A total of 487 records (articles) were gained from the primary search in databases. Out of these initial input studies, 23 were from Medline (PubMed), 20 from Cochrane Library, 191 from Embase, 52 from the Web of Science, and 201 from Scopus. After removing duplicates, 240 studies were excluded, leaving 247 in the screening stage. On an initial screening of titles and abstracts, 225 studies were excluded due to non-compliance with the criteria of the study. These studies included case reports, case series, letters to the editor, correspondence, editorials, opinions, and reviews of animal model studies. In the next screening stage (second screening) performed on full texts, 22 studies were reviewed, and 5 were selected for the systematic review (Figure 1). The characteristics of these studies are presented in Table 1.
PRISMA flow diagram (14).
Characteristics of the included studies
|Study||Country||Intervention||Sample size||Follow-up (weeks)||Outcome measure||Appraisal Score|
|Yuan et al. (15)||Taiwan||50 U Botox vs. 0.9% NS||18||12||VAS; PSQI; SF-36||10|
|Egila et al. (16)||Egypt||50 U Botox vs. 0.9% NS||42||12||VAS; PSQI||7|
|Taheri et al. (17)||Iran||150 U Dysport vs. 0.9% NS||141||4||VAS; NPS||10|
|Ghasemi et al. (7)||Iran||100 U Dysport vs. 0.9% NS||40||3||VAS; NPS||10|
|Salehi et al. (18)||Iran||100 U Dysport vs. 0.9% NS||32||12||VAS; NPS; PSQI; SF-36||10|
A total of 273 diabetic patients were evaluated in the 5 RCTs on the effectiveness of BTX-A in reducing the pain of diabetic neuropathy. The least and the highest number of samples were 18 and 141 cases. In terms of sex distribution, 43.22% of the subjects were male, and 56.77% were female, in the age range of 47.8-74.8 years. Three studies were conducted in Iran, Taiwan, and Egypt.
The only applied intervention was an intradermal injection of BTX-A vs. 9% normal saline in the dorsum of the foot. The output of the results was divided into 3 general categories: pain reduction (VAS, NPS), sleep quality improvement (PSQI), reported in 3 studies, and psychosocial function enhancement (SF36), reported in 2 studies.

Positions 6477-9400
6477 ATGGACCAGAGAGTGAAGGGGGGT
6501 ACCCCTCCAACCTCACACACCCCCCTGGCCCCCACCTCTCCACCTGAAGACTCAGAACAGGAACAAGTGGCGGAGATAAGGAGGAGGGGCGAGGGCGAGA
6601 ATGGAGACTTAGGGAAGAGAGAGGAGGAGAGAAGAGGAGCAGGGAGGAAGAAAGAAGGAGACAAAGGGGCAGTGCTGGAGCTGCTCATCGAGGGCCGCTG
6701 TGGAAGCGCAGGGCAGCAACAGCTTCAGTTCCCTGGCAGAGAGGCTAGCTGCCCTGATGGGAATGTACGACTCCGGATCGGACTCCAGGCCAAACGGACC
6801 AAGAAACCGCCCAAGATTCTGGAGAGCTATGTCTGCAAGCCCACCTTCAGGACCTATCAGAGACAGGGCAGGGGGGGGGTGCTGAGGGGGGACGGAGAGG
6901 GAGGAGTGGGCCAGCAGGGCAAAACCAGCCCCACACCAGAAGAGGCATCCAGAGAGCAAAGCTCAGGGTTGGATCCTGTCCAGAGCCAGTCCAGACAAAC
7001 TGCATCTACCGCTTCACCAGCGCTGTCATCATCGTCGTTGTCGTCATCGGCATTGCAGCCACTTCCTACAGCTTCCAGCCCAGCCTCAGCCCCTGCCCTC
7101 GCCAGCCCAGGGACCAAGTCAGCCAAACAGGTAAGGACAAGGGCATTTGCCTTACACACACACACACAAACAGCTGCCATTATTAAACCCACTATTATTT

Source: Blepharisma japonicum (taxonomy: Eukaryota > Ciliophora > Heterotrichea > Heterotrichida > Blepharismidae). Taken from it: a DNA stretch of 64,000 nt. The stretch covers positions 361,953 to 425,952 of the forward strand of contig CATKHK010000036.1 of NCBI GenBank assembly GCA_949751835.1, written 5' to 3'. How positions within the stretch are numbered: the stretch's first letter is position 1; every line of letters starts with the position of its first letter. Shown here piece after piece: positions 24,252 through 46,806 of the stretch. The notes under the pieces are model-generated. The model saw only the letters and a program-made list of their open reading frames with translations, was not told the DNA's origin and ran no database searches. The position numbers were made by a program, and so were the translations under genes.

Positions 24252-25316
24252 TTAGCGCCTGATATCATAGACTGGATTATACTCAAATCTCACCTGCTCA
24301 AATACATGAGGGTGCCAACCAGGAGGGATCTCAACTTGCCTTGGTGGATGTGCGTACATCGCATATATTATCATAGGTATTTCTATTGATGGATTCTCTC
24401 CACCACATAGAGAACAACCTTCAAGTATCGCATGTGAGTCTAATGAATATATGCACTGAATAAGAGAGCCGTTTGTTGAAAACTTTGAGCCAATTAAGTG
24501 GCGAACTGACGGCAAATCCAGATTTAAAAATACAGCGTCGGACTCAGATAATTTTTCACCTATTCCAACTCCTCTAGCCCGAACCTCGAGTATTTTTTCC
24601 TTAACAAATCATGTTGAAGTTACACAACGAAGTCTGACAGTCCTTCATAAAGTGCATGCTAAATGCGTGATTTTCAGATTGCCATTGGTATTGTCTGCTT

3.1. Pain Reduction
The overall changes in pain are presented in Table 2.
Pain Score Changes in the Included Studies
|Study||Outcome Measure||Study Design||Intervention Group Pain Score||Control Group Pain Score||P-Value|
|Yuan et al. (15)||Visual analog scale (VAS)||Randomized clinical trial (RCT)||Pre: 6.42 (± 1.11)||Pre: 5.97 (± 1.51)||0.024|
|Post: -2.53 (± 2.48) a||Post: -0.53 (± 1.57) a|
|Egila et al. (16)||VAS||Case-control||Pre: 8.73 (± 0.46)||Pre: 8.45 (± 0.60)||0.000|
|Post: 5.14 (± 1.08)||Post: 6.40 (± 0.60)|
|Taheri et al. (17)||VAS, Neuropathic Pain Scale (NPS)||RCT||Pre: 6.7 (± 1.2)||Pre: 7 (± 1.1)||0.001|
|Post: 2.1 (± 1.2)||Post: 5 (± 1.5)|
|Ghasemi et al. (7)||VAS; NPS||RCT||35% pain reduction after the intervention||Data not provided||-|
|Salehi et al. (18)||VAS||RCT||_||_||0.001|
In the study by Yuan et al., the effect of the injection of 50 units of BTX-A (BOTOX) into the dorsum of the foot over 12 weeks was evaluated in 18 patients. VAS was calculated in the 12th week; it was decreased by 2.53 (± 2.48) in the intervention group and by 0.53 (± 1.57) in the control group (normal saline). The intervention group showed a significant decrease in VAS during this period compared with the control group (P = 0.024). In the intervention group, 44.4% experienced a good response (decrease in VAS ≥ 3) after 12 weeks, while in the control group, none of the patients had such a decrease in VAS score during this period (15).
Egila et al. administered 50 units of BTX-A (BOTOX) into the dorsum of the foot of 42 patients. The VAS value before the intervention was 8.73 (± 0.46) in the intervention group and 8.45 (± 0.60) in the control group. After 12 weeks, VAS values decreased from 8.73 (± 0.46) to 5.14 (± 1.08) in the intervention group and from 8.45 (± 0.60) to 6.40 (± 0.60) in the control group, being significant only in the intervention group (16).
In the study by Taheri et al. on 143 diabetic patients, 150 units of BTX-A (Dysport) were administered over 4 weeks, and VAS scores were evaluated before and after the intervention or placebo. After 4 weeks, VAS values decreased from 6.7 (± 1.2) to 2.1 (± 1.2) in the intervention group and from 7 (± 1.1) to 5 (± 1.5) in the control group, indicative of a significant improvement only in the intervention group. Some NPS parameters, such as pain intensity, sharp sensation, hot sensation, sensitivity, unpleasant sensation, and deep pain, had a significant improvement after BTX-A injection compared with the placebo (normal saline) (P < 0.001 for all). The only difference between the D1 and D2 groups was the feeling of heat, which was more reduced in the D1 group than in the D2 group (P = 0.003). Regarding the other parameters, there was no significant difference between the two intervention groups. Moreover, comparing D2 and N groups, there was no significant difference in dull, cold, and surface pain (P = 0.22, 0.736, 0.069). Comparing D1 and N groups, there was no significant difference in dull and cold sensations. In summary, dull and cold sensations did not improve in the different groups. Moreover, sharp pain decreased more than the other factors after botulinum toxin injection (respectively 80% and 81% reduction in D1 and D2 groups compared to 37% in the placebo group [N]) (17).